- The National Archives at Kansas City will host Dr. Mark Hull on Tuesday, January 15 for a lecture and discussion titled Bypassed by Greatness: The Warren Harding Years. A 6:00 p.m. informal reception will precede the event. Warren G. Harding (1921-23) was an unlikely President in so many ways and, until being eclipsed by President Richard Nixon and Watergate, his administration was most often associated with what is perhaps the worst national corruption scandal, Teapot Dome. Harding's death in office in 1923 likely saved him from even more damaging public revelations about his personal life. Harding rose from relative obscurity and was the perennial compromise candidate. He grew to political maturity in the "Gilded Age" of party bosses and widespread graft even as these practices were losing to the new tide of progressivism. Harding inherited a United States in conflict. America was one of the victorious Allied nations in World War I, yet it was burdened by pressing domestic issues: civil rights, women's rights, Prohibition, and with an economic collapse just over the horizon. Although his abbreviated administration had a few notable successes, many historians consider Harding the worst president in the history of the Republic. About the Speaker: Mark Hull, Ph.D., is an associate professor at the U.S. Army Command and General Staff College (CGSC) at Fort Leavenworth, KS. His undergraduate, master’s, and doctorate degrees are in history and he earned his juris doctorate from Cumberland School of Law. Prior to teaching at the CGSC, Hull taught at the University of Great Falls, Saint Louis University, and served as a brigade intelligence advisor to the U.S. Army 1st Infantry Division military transition team from 2006-07 in Iraq. His books include Irish Secrets: German Espionage in Wartime Ireland; Spies Like Us, A Tale of German Espionage in Wartime Ireland; and Concerning the Emancipation of the Slaves published in the book, A Meteor Shining Brightly: Essays on the Life and Career of Major General Patrick Cleburne. In addition he has written numerous articles and reviews on various topics ranging from war crimes, Medal of Honor recipients, and German military intelligence. Hull is also a Fellow of the Royal Historical Society, based in Great Britain. For more information or to make a reservation for this free event call 816-268-8010 or register by email email@example.com. The National Archives at Kansas City is one of 15 facilities nationwide where the public has access to Federal archival records. It is home to historical records dating from the 1820s to the 1990s created or received by Federal agencies in Iowa, Kansas, Minnesota, Missouri, Nebraska, North Dakota, and South Dakota. For more information, call 816-268-8000 or visit www.archives.gov/central-plains/kansas-city.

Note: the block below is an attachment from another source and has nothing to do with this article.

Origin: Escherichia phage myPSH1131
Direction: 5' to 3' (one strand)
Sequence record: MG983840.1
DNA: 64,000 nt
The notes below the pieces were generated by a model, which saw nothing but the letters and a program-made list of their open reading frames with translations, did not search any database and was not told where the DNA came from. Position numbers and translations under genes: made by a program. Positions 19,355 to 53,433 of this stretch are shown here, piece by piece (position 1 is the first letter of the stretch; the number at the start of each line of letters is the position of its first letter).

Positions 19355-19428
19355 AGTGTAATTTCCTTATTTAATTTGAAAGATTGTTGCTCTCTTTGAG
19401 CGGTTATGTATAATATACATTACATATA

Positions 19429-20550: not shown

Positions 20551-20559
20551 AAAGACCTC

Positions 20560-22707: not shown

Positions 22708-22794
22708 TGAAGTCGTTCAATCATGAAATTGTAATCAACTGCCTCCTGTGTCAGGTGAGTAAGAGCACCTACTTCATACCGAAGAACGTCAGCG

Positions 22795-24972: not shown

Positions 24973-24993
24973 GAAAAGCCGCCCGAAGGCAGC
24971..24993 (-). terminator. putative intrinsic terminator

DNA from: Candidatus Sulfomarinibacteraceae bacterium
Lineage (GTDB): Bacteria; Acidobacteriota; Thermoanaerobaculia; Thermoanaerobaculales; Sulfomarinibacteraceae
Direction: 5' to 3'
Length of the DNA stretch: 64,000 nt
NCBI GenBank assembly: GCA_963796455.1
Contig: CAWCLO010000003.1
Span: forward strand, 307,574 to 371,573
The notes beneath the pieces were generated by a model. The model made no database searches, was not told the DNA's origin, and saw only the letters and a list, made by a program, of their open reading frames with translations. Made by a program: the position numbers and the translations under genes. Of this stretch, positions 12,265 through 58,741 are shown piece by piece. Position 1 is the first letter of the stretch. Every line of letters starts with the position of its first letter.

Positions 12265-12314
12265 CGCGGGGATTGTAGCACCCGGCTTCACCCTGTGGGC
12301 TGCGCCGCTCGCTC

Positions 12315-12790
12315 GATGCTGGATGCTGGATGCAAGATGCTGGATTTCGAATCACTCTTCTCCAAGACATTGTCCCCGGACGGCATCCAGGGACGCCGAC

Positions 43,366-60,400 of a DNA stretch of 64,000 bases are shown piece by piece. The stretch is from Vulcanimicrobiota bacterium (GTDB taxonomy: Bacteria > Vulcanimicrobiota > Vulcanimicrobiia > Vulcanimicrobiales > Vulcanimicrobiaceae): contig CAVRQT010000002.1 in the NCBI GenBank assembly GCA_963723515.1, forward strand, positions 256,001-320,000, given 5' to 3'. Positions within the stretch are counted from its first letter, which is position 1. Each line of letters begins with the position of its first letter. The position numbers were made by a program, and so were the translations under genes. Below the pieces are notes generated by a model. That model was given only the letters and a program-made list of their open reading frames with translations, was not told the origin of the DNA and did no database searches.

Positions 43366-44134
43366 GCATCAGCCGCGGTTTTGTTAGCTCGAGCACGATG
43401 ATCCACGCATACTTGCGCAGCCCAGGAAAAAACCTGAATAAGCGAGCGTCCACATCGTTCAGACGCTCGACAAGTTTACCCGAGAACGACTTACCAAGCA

National Archives Central Plains Region
Kansas City MO
- Literary & Books
- Tuesday, January 15 @ 6:30 pm
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